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Love actually: Americans agree on what makes people "feel the love"

February 16, 2020

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Love actually: Americans agree on what makes people "feel the love"

Yesterday I was watching a recording of parts of the National Prayer Breakfast in Washington, attended by DT. Before he got up to talk, a very eloquent speech was given by Harvard Business School Professor Arthur Brooks in which he quoted Jesus Christ on the subject of love and the need to love even your enemies.

DT got up and said he didn’t agree with that (one assumes the teachings of Christ) and went on to spew invective against his supposed enemies including Nancy Pelosi and Mitt Romney. As an agnostic I don’t see Jesus as a divine figure but certainly a teacher with considerable wisdom to impart.

Obviously, the quote from the John Testament “Above all, love each other deeply, because love covers over a multitude of sins,” was foreign to DT.

I was pondering the concept of love when I came across this study.

According to the researchers, people in the U.S. largely agree about what makes them feel loved, coming to a general consensus that it may be small gestures that matter most.

The researchers found that small, non-romantic gestures – like someone showing compassion or snuggling with a child – topped the list of what makes people feel loved. Meanwhile, controlling behaviors—like someone wanting to know where they were at all times—were seen as the least loving.

The researchers said the study results – published in the Journal of Social and Personal Relationships—could give insight into how love affects people’s overall well-being.

What the researchers say: “Whether we feel loved or not plays an important role in how we feel from day to day,” the lead author said. “We were curious about whether most Americans could agree about what makes people feel loved on a daily basis, or if it was a more personal thing. Our results show that people do agree, and the top scenarios that came back weren’t necessarily romantic. So, it’s possible for people to feel loved in simple, everyday situations. It doesn’t have to be over-the-top gestures.”

The researchers recruited 495 American adults to answer a questionnaire about whether they thought most people would feel loved in 60 different scenarios. The situations included positive actions, like being greeted by a pet; neutral scenarios, like feeling close to nature; and negative situations, like someone being possessive.

After gathering the data, the researchers analyzed it with a cultural consensus model—a framework for measuring the beliefs of a culture. The researchers said that while participants disagreed on some items there were many instances where the participants agreed.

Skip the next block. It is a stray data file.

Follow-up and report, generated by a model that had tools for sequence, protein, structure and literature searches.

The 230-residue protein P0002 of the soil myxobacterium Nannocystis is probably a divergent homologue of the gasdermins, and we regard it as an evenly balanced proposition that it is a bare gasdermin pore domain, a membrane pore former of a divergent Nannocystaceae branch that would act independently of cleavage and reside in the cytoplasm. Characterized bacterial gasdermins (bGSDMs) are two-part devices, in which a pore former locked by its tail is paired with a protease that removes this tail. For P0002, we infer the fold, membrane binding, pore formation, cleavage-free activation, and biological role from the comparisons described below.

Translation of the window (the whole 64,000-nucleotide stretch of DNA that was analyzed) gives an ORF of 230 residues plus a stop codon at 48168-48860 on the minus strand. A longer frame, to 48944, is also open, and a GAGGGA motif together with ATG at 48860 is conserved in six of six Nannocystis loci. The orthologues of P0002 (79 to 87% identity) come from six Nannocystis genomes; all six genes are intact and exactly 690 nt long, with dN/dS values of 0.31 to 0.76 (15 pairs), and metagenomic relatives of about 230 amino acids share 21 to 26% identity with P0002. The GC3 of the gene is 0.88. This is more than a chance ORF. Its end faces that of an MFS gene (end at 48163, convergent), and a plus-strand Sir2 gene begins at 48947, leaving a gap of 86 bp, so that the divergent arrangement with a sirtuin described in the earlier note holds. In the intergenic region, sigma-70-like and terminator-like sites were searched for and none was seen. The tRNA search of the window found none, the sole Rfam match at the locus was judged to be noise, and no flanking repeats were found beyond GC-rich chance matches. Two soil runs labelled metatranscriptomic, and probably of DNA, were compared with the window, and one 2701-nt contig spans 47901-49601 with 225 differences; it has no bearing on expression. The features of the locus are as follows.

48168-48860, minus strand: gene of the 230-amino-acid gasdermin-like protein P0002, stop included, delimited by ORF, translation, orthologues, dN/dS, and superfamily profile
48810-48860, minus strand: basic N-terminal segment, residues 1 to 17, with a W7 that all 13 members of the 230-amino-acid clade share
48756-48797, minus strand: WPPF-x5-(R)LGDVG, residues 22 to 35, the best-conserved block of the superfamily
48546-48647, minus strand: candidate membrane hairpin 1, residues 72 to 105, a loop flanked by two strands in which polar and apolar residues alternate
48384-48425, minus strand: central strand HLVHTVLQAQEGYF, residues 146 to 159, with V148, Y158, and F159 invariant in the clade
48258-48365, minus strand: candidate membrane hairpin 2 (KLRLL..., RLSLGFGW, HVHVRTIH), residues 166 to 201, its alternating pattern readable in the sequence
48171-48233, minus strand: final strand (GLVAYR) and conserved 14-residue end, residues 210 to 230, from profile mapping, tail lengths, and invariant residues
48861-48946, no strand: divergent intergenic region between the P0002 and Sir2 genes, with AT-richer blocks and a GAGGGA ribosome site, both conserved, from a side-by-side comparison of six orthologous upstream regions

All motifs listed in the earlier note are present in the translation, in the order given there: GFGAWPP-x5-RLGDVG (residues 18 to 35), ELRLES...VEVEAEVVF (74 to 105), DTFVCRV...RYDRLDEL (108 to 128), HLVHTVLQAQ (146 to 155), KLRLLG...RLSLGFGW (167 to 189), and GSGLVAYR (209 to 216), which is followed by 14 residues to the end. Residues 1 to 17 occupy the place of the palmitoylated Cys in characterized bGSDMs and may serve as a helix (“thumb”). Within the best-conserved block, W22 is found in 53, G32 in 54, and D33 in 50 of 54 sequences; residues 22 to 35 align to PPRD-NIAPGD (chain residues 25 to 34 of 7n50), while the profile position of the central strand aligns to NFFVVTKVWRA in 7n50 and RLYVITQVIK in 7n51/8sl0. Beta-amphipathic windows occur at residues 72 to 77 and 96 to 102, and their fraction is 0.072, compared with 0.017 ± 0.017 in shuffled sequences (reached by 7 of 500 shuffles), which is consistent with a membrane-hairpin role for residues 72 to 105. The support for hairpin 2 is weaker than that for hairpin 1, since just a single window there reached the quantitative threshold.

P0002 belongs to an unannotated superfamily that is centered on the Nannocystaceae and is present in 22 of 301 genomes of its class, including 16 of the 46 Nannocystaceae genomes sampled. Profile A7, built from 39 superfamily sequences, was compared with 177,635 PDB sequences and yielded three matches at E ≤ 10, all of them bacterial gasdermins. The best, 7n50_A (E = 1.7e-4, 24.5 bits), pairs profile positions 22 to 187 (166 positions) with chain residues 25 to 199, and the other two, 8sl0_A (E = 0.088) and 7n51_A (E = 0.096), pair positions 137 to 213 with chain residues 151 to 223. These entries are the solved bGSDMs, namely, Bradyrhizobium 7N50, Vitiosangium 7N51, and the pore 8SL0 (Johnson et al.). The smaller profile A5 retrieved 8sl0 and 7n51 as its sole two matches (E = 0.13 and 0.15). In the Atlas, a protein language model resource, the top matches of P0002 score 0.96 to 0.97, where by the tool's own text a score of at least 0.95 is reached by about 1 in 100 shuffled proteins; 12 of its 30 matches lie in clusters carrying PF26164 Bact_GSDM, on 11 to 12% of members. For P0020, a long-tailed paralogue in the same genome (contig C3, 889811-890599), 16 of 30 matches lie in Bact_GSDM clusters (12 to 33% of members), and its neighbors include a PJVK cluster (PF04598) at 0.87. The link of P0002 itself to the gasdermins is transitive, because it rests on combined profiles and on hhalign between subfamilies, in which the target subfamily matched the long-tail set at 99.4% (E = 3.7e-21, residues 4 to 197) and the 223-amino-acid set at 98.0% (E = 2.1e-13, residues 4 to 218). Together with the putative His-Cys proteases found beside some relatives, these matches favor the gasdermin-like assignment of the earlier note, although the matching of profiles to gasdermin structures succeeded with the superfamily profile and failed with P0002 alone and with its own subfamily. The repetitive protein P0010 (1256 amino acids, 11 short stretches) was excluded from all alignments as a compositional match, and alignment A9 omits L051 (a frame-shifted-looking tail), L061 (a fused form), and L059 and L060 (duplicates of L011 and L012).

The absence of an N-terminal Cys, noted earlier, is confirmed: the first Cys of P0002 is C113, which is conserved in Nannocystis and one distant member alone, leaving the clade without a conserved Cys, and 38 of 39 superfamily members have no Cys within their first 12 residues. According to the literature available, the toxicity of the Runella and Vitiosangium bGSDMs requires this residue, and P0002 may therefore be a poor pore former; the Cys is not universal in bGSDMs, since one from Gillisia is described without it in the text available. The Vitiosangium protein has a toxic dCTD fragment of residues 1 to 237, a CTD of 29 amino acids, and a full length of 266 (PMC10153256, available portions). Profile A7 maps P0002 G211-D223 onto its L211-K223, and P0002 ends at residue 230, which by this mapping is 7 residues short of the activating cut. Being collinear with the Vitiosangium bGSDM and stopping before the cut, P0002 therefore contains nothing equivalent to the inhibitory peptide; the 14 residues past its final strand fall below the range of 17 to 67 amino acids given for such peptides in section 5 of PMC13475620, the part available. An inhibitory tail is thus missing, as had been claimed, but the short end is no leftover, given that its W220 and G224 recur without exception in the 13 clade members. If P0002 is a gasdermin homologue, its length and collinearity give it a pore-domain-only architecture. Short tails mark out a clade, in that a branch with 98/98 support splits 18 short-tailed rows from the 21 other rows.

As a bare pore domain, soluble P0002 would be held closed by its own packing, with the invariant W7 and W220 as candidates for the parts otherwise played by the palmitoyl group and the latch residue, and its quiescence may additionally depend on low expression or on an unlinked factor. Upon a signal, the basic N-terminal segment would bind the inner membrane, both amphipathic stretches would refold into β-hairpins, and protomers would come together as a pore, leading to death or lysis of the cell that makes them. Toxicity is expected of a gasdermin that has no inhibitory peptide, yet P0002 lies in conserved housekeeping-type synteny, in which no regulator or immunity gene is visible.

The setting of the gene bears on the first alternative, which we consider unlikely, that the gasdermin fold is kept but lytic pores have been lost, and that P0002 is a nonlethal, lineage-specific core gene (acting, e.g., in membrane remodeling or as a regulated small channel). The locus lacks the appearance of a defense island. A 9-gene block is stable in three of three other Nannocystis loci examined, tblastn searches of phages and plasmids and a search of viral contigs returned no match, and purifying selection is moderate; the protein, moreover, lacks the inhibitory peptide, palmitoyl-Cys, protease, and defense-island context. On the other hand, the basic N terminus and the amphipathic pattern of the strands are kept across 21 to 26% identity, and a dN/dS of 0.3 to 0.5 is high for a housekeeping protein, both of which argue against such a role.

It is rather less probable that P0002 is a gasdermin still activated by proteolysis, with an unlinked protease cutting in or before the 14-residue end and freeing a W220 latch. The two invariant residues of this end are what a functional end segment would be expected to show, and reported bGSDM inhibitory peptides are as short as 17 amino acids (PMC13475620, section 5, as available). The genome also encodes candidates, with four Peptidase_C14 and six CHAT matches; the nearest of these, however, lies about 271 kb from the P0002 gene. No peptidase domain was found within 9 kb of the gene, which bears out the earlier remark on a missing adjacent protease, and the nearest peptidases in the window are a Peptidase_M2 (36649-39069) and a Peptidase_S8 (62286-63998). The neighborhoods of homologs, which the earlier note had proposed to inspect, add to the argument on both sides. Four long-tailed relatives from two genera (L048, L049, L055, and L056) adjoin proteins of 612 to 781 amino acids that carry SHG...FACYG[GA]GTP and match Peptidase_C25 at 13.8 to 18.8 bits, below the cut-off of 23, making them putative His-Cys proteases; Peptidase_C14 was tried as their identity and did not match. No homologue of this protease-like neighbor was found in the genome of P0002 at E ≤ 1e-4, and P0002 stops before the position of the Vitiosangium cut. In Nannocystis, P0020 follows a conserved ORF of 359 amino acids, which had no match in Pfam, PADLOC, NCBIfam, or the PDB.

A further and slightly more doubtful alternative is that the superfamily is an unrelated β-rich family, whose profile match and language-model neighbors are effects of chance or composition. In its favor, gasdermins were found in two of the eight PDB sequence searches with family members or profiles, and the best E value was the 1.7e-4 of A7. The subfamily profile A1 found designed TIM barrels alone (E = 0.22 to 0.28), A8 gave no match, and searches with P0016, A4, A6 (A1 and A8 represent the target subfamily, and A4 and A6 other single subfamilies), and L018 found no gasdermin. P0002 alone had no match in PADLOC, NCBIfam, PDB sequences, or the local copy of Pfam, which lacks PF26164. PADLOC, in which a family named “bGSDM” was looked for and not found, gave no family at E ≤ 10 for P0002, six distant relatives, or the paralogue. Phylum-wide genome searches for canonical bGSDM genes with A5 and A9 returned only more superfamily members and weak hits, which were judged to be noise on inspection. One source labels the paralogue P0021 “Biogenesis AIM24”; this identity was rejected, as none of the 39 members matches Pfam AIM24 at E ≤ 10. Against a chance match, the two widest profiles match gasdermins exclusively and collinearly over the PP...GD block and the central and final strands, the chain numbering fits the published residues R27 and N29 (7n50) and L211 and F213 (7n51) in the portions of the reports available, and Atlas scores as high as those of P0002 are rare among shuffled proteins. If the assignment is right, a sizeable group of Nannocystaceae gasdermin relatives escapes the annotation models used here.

“We found that behavioral actions—rather than purely verbal expressions—triggered more consensus as indicators of love. For example, more people agreed that a child snuggling with them was more loving than someone simply saying, ‘I love you,’” the lead author said. “You might think they would score on the same level, but people were more in agreement about loving actions, where there’s more authenticity perhaps, instead of a person just saying something.”

Participants also agreed on what doesn’t make people feel loved. Behaviors that could be seen as controlling were ranked among the least loving actions.

“In American culture, it seems that controlling or possessive behaviors are the ones people do not feel loved by,” the researchers said. “If someone wants to know where you are always, or acts controlling, those actions are not loving to us.”

The researchers found that people in a relationship and people with agreeable personality traits tended to agree more with the cultural consensus.

The researchers noted that even though the results may reflect how the American culture in general feels about love, individuals still can, and do, have their own personal feelings about what makes them feel loved.

“It may not be wise to go into a relationship assuming that both of you agree that all of the same things will make you feel loved,” the lead researcher said. “I think it’s important to communicate these things to each other.”

So, what? Strong men, dictators and authoritarian CEOs rely on fear rather than love. But leaders who show love to their followers and acknowledge their strengths and try earnestly to meet their needs produce better, more harmonious and vastly more productive societies and businesses.

Incidentally there’s a great short video by Arthur Brooks which is worth pondering.

Dr Bob Murray

Bob Murray, MBA, PhD (Clinical Psychology), is an internationally recognised expert in strategy, leadership, influencing, human motivation and behavioural change.

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